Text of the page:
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As many as 43 per cent of caregivers in Ontario say they are feeling depressed, and 67 per cent are concerned about whether they will be able to manage their caregiving responsibilities going forward.Daniel Balakov/Getty Images

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Ask Women and Work

Question: For the past year, I’ve been the main family caregiver for my mother who has dementia. She is in a good facility, but I feel it’s important to be there regularly because her transition to the facility was not easy and she has many difficult days. I also work full-time and have two children and I’m feeling the strain from these competing responsibilities. Are there supports (government, workplace, community) available to help me? I feel all alone in this.

We asked Amy Coupal, CEO at the Ontario Caregiver Organization, to tackle this one:

In Canada, nearly eight million people provide care for family members or friends with a long-term condition, a disability or problems related to aging. While every caregiving experience is unique, your situation is one we hear often.

Many caregivers are providing care while also trying to balance family and work responsibilities. Working caregivers are often stretched thin. More and more caregivers are feeling stressed and burnt out. As many as 43 per cent of Ontario caregivers say they are feeling depressed, and 67 per cent say they’re concerned about whether they will be able to manage their caregiving responsibilities going forward. Know that you are not alone.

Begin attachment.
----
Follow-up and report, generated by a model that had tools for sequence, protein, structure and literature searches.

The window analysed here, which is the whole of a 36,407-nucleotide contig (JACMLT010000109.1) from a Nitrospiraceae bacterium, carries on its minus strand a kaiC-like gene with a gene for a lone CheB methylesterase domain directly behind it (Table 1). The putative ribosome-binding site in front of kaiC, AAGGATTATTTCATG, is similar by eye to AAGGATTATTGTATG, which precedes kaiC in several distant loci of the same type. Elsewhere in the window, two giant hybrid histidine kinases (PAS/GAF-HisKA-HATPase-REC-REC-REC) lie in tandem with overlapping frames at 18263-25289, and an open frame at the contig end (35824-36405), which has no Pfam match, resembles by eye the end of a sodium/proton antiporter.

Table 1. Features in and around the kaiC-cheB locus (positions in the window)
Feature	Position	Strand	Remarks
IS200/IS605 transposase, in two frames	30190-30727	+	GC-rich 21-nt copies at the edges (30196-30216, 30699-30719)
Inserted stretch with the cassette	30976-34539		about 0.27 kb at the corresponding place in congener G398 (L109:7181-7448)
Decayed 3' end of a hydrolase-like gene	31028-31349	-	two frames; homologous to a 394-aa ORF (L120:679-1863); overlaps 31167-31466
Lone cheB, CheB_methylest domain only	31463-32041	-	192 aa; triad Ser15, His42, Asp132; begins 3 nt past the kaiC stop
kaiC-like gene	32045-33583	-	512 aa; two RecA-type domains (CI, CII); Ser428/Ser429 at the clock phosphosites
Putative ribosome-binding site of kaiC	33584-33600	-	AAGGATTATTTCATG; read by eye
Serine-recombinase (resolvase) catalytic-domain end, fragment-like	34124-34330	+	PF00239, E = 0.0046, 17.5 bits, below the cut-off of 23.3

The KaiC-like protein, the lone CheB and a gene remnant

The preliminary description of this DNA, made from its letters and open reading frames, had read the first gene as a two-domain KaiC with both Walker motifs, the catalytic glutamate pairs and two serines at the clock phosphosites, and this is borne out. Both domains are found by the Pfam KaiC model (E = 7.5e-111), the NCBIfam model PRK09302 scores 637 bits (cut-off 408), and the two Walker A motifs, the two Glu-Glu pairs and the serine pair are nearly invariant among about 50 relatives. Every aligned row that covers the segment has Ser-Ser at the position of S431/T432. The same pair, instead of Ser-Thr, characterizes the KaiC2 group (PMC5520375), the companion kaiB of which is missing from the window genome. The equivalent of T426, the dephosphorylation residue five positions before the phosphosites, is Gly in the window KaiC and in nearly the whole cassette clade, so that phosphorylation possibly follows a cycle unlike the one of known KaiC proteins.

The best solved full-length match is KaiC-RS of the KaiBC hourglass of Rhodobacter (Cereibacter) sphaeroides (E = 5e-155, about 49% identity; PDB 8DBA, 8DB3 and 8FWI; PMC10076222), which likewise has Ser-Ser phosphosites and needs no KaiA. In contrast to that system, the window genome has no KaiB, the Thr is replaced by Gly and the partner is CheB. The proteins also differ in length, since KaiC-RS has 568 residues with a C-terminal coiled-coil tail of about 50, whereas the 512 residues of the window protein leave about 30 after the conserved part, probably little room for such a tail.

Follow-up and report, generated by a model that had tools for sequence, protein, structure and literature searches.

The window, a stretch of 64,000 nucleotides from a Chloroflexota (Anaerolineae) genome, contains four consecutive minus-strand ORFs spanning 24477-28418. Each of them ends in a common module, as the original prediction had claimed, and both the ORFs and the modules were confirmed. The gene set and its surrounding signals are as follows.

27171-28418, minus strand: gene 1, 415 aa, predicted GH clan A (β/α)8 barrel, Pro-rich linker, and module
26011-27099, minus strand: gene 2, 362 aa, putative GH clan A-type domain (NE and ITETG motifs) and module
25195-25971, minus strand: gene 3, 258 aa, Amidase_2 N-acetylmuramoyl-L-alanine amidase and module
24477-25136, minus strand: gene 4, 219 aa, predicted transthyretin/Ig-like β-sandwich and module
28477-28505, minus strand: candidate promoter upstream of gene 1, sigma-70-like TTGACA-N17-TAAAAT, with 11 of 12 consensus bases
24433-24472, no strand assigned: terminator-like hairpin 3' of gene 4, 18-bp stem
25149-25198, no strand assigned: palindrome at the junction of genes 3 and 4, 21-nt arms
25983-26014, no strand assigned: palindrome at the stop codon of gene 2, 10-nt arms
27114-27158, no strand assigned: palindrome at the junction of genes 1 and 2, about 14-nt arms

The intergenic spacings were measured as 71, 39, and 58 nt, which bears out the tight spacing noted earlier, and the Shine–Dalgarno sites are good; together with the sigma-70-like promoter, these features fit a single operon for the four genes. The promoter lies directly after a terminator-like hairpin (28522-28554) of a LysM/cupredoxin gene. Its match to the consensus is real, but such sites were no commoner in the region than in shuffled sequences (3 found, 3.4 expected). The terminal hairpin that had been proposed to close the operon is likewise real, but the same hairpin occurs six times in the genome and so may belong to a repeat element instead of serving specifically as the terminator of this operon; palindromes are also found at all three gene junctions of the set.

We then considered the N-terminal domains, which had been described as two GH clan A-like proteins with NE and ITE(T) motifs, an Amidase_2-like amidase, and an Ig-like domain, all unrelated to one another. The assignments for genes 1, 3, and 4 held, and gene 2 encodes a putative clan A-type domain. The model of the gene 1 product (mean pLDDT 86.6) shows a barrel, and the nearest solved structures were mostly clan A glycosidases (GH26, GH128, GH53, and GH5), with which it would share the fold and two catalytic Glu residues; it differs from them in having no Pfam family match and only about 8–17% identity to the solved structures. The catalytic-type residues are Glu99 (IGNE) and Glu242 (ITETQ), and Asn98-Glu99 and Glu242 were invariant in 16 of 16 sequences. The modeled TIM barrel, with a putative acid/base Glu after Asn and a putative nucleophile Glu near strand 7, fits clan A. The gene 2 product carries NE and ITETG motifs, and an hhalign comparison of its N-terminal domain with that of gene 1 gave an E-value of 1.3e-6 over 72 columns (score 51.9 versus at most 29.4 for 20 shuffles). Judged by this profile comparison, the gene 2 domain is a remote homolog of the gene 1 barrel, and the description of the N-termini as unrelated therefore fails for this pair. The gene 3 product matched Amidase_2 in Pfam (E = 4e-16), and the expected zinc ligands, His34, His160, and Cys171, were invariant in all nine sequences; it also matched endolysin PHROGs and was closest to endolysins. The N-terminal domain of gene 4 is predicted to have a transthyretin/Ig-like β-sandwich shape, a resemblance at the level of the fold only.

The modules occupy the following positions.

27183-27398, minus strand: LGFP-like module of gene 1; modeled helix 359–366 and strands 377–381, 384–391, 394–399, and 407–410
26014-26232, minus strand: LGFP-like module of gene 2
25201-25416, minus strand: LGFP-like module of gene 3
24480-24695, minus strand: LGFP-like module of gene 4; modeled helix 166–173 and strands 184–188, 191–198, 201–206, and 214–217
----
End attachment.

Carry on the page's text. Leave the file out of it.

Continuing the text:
The Ontario Caregiver Organization (OCO) exists to help improve the lives of caregivers. It provides free programs and services such as peer support, one-to-one coaching and educational webinars, plus a 24/7 helpline that gives caregivers one point of access to information about what programs and supports are available in the community. This might include respite, or day programs for the care recipient. If you aren’t located in Ontario, you can find caregiving resources in your home province or territory – some have caregiving organizations while others do not.

OCO also works with employers to raise awareness of the challenges of being a working caregiver and to support organizations with the adoption of caregiver friendly policies, such as flexible work arrangements, paid caregiver days and enhanced Employee Assistance Programs that may include referral services or counselling. Not all employers have these policies in place. A good first step to find support through an employer is to start the conversation. Work and Caregiving: A Balancing Act is a toolkit with tips on topics such as how to manage the demands of caregiving, how to care for yourself and steps to making it work at work.

From a financial perspective, caregivers can explore tax credits that may be beneficial. It can be confusing to understand what credits exist, so the OCO has created a resource to make it easier to review what’s available and where to find more information related to eligibility.

Submit your own questions to Ask Women and Work by e-mailing us at

This week’s must-read stories on women and work

How to be fearless: Grammy nominee Allison Russell and eight other notable Canadians share their secrets to success

Success comes in many forms, but often has a single ingredient: boldness. The Globe and Mail asked Canadians including singer-songwriter Allison Russell, social-justice advocate Lauren Ravon and fashion trailblazer Celia Sears to reflect on how they stayed fearless in 2023, and how they plan to challenge themselves in the year ahead.

Read why perspective is key when it comes to achieving goals and recovering from failure.

Will AI enable a three-day workweek? Certain billionaires think so, but some experts disagree

Some of the world’s most successful business leaders, including Bill Gates and Jamie Dimon, have recently suggested that advancements in artificial intelligence will cut the workweek down to just three or three and a half days. Others aren’t so convinced.